by Rod Harvey, Gold Coast, Australia
Recently I asked myself, “How many people do I know or have known who I could really trust” and the answer surprised me.
Because what was revealed was that the one person who has let me down the most throughout my life and been the most untrustworthy is… me!
On the scale of untrustworthiness, others pale into insignificance compared to my contribution.
How many times have I thought, “I won’t do that again” but I did – with alcohol, relationships, food choices, inconsistent behaviour, broken promises to myself and to others, procrastination, giving my power away to children, friends, relatives, partners, parents, bosses, distractions and my thoughts. Need I say more?
Man, I’ve been letting myself down for a long, long time.
Have you heard the expression, “you have to earn my trust”? I heard it, but never applied it to myself. To earn my unqualified trust meant that I had to walk the talk, make no excuses, not judge or place a skerrick of blame on another, be absolutely responsible for myself… and all of that was daunting.
But I’ve gradually learned, particularly through another’s example, that we can live responsibly and enjoy a full and loving life.
That ‘other’ is Serge Benhayon, a person I trust without reservation. I’ve known Serge for six years and throughout that time he has been consistent in his love for others and inspirational in what he presents and how he lives. Yet he does not shirk from speaking truth, irrespective of the consequences and he will not pander to others to please them.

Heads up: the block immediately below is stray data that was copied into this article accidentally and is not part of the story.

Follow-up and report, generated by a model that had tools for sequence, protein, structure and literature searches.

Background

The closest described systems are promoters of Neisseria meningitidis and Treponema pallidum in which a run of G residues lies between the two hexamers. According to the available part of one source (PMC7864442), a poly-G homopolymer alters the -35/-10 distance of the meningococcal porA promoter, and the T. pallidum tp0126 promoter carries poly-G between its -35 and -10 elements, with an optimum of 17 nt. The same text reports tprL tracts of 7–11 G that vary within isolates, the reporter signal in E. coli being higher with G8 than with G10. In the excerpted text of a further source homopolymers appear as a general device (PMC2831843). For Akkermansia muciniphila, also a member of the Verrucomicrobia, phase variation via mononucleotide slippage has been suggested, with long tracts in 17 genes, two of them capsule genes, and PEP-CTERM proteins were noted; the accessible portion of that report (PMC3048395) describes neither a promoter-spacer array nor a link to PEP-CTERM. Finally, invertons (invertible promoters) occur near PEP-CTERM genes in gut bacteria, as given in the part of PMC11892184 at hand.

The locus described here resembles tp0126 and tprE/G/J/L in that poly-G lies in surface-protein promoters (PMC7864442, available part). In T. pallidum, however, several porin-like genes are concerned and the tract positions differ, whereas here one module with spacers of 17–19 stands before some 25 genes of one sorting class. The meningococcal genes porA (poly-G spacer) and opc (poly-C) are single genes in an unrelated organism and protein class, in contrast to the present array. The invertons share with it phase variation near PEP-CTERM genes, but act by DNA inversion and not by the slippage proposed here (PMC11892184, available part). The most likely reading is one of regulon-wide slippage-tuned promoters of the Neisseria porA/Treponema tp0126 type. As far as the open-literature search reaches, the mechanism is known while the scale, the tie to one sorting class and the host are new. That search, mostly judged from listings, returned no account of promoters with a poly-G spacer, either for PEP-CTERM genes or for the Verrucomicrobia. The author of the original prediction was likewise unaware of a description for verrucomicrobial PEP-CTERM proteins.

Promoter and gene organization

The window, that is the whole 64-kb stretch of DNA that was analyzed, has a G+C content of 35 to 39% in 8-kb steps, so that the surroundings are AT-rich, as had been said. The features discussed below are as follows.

I now realise it’s not about who I can or cannot trust, because what another person does is outside of my control. My priority is to be responsible for myself and meet my own expectations without getting caught up in, expecting, or wanting something from others.
After all, I spend more time with myself than anyone else, so if I get this relationship right, then all else will fall into place.
So can I learn to trust myself? Of course I can and I’m pleased that I’ve been making some progress. It means commitment, together with the discipline to change some ingrained habits. It means shedding blame or judgment of others, dedication to self-care, being responsible, walking my talk and being totally honest with myself.
Sure there are slip-ups (hey the Universe wasn’t built in a day) but provided I’m lovingly consistent I will eventually be able to embrace the answer to that question, ‘Who can I really trust?’
And the answer will be… Me!